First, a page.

(Reuters) - When Kentucky residents brought a suit earlier this month that challenged the constitutionality of Gov. Andy Beshear’s executive order restricting interstate travel, they named not only Beshear but also the state’s attorney general, Daniel Cameron, as defendants. The complaint, filed in federal court in Frankfort, and an accompanying preliminary injunction motion alleged that the AG, a Republican, was working alongside the governor, a Democrat, to enforce the policy, which barred Kentucky citizens from leaving the state except as required for work, grocery shopping or other essential purposes.
Cameron argued in an April 10 brief that he shouldn’t have been named in the suit because he hadn’t actually done anything to enforce the governor’s order, which is in the purview of local prosecutors, not the state AG. Then on Monday, he took a big step beyond his brief: The AG asked U.S. District Judge Gregory Van Tatenhove to allow him to switch sides and join the plaintiffs in challenging Governor Beshear’s order.
“The governor’s travel ban impermissibly violates the fundamental right of every Kentucky citizen to interstate travel,” the motion said. “This being the Attorney General’s position, he should be realigned as a plaintiff.”
“We have never seen this happen in any of our constitutional cases before,” said plaintiffs’ lawyer Brian O’Connor of Santen & Hughes, who explained that he’s had cases in which state AGs backed plaintiffs – but has never litigated a case in which a government official sought to change sides. O’Connor said that his clients, a husband and wife suing under their initials, W.O. and M.O., for fear of retaliation, support the AG’s motion. If it’s granted, he said, his firm will litigate the suit alongside Cameron.
Interestingly, there’s a bit of a tradition in recent Kentucky politics for the AG and the governor to be at odds. Beshear was the state attorney general before he was elected governor in 2019. As AG, he repeatedly sued Republican governor Matt Bevin for allegedly overstepping his authority.
In a press conference Tuesday to announce his motion to switch sides in the travel restriction case, Cameron also questioned the constitutionality of Kentucky’s restrictions on large-scale religious services, which fall under the state’s general bar on mass gatherings during the COVID-19 outbreak. Earlier this month, U.S. District Judge Justin Walker of Louisville cited the First Amendment in a TRO opinion (2020 WL 1820249) allowing the On Fire Christian Center to hold a drive-in religious service, but that case targeted the city of Louisville’s prohibition on drive-in religious gatherings. A preliminary injunction motion in a separate case challenging the constitutionality of Kentucky’s statewide bar is pending before U.S. District Judge William Bertelsman of Covington.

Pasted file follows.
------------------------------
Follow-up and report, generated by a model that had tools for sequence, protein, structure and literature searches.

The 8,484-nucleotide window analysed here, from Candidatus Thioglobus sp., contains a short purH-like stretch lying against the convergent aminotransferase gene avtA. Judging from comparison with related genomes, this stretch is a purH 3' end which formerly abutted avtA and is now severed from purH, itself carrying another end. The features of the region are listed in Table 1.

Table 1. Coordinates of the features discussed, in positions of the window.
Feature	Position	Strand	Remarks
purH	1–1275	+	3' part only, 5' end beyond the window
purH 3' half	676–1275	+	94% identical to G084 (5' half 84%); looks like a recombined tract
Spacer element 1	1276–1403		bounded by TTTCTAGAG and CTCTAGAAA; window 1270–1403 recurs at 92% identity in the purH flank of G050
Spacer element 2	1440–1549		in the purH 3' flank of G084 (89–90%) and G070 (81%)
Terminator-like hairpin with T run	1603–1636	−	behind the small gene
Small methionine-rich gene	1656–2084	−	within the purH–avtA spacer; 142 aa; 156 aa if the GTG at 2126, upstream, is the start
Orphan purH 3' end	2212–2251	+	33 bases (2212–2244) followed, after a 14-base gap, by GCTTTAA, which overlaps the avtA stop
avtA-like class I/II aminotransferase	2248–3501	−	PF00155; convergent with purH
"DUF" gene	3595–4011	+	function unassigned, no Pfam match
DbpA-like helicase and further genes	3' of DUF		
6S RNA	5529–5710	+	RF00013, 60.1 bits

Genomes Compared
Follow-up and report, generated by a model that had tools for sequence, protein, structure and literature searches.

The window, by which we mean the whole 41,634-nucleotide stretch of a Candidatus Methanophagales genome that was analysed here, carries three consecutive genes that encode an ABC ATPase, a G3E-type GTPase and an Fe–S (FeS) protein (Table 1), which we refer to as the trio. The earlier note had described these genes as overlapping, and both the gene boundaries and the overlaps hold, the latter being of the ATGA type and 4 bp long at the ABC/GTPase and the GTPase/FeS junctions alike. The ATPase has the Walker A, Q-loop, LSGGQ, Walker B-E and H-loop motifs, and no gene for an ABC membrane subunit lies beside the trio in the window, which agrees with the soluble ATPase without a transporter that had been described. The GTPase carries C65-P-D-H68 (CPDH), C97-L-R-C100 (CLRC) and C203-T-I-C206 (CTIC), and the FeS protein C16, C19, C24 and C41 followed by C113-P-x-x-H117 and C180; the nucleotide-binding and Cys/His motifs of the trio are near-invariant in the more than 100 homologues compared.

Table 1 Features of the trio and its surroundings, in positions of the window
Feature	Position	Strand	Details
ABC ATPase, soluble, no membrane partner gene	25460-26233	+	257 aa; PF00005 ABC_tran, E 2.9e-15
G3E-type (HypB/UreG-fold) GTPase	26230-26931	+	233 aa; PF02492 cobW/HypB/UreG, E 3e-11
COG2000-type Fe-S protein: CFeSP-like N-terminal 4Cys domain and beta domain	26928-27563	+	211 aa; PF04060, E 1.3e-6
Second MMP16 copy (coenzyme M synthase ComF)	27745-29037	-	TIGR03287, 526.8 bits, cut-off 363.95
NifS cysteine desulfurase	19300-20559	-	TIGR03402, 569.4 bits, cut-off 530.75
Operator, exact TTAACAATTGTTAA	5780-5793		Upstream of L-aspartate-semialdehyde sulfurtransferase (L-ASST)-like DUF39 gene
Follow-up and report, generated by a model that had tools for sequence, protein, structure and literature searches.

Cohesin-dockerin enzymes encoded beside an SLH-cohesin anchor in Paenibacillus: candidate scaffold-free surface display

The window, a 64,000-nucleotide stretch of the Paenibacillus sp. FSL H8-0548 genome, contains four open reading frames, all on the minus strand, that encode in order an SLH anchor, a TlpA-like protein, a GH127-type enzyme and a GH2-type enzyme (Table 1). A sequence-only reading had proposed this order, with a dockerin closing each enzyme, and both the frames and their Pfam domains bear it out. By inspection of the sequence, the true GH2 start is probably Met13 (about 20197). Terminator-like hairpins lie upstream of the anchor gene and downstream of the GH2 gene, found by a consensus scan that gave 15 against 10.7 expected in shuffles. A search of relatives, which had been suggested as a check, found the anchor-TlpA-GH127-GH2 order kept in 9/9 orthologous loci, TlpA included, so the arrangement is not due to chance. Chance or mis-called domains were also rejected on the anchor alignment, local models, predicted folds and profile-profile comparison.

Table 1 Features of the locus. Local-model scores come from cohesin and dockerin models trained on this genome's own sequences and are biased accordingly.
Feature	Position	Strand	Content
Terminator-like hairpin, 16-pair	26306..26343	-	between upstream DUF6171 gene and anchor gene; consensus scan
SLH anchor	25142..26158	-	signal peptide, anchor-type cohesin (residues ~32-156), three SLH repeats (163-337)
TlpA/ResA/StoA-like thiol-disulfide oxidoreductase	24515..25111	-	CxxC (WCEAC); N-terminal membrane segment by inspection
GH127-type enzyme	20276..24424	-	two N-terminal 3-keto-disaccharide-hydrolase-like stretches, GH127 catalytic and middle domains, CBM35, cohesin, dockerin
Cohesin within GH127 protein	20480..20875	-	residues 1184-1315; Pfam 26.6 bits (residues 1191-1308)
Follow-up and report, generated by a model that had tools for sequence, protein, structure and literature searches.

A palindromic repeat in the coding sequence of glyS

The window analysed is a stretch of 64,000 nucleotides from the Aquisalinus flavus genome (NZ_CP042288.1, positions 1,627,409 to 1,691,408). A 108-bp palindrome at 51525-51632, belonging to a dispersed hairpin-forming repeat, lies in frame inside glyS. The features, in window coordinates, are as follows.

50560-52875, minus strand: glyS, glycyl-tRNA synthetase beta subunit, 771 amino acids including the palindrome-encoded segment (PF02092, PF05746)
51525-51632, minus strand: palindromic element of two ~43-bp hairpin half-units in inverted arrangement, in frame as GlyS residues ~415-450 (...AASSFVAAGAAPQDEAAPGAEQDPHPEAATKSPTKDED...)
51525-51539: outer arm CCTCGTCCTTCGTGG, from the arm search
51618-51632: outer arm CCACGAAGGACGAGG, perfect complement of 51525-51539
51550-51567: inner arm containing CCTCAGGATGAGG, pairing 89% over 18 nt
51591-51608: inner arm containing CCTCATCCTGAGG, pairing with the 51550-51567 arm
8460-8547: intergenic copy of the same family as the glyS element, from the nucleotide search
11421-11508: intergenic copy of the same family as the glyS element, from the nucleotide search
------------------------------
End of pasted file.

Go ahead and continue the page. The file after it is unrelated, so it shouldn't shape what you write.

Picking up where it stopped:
Governor Beshear noted at a COVID-19 briefing on Tuesday that he did not want to get into a political back-and-forth over the state’s COVID-19 response. He pointed out that Judge Van Tatenhove denied an early motion for a temporary restraining order in the travel restriction case in which the AG is now siding with the plaintiffs. “I’m not trying to set rules that are difficult, and I’m not trying to set rules that are controversial,” Beshear said. “I’m just trying to set rules that save people’s lives.”
Judge Van Tatenhove held an April 14 hearing by phone on the plaintiffs’ preliminary injunction motion in the travel case but has not ruled on either that motion or AG Cameron’s motion to switch sides. The governor’s lawyers have argued that U.S. Supreme Court precedent dating back to 1879’s Bowditch v. City of Boston (101 U.S. 16) and 1905’s Jacobson v. Massachusetts (197 U.S. 11) confirms that governors have authority to restrict civil liberties to avert health emergencies. But during the hearing, the judge asked whether any case law specifically supports travel restrictions.
In a filing Tuesday, Beshear’s lawyers cited the 11th Circuit’s 1996 decision in Smith v. Avino (91 F.3d 105), which addressed a curfew adopted by Florida’s governor after Hurricane Andrew. The 11th Circuit ruling said that “in an emergency situation fundamental rights such as the right to travel . . . may be temporarily limited or suspended.” But in response, plaintiffs’ lawyers from Santen & Hughes said Hurricane Andrew curfews were “a far cry from the overbroad ban on interstate travel imposed by Governor Beshear on all Kentuckians.”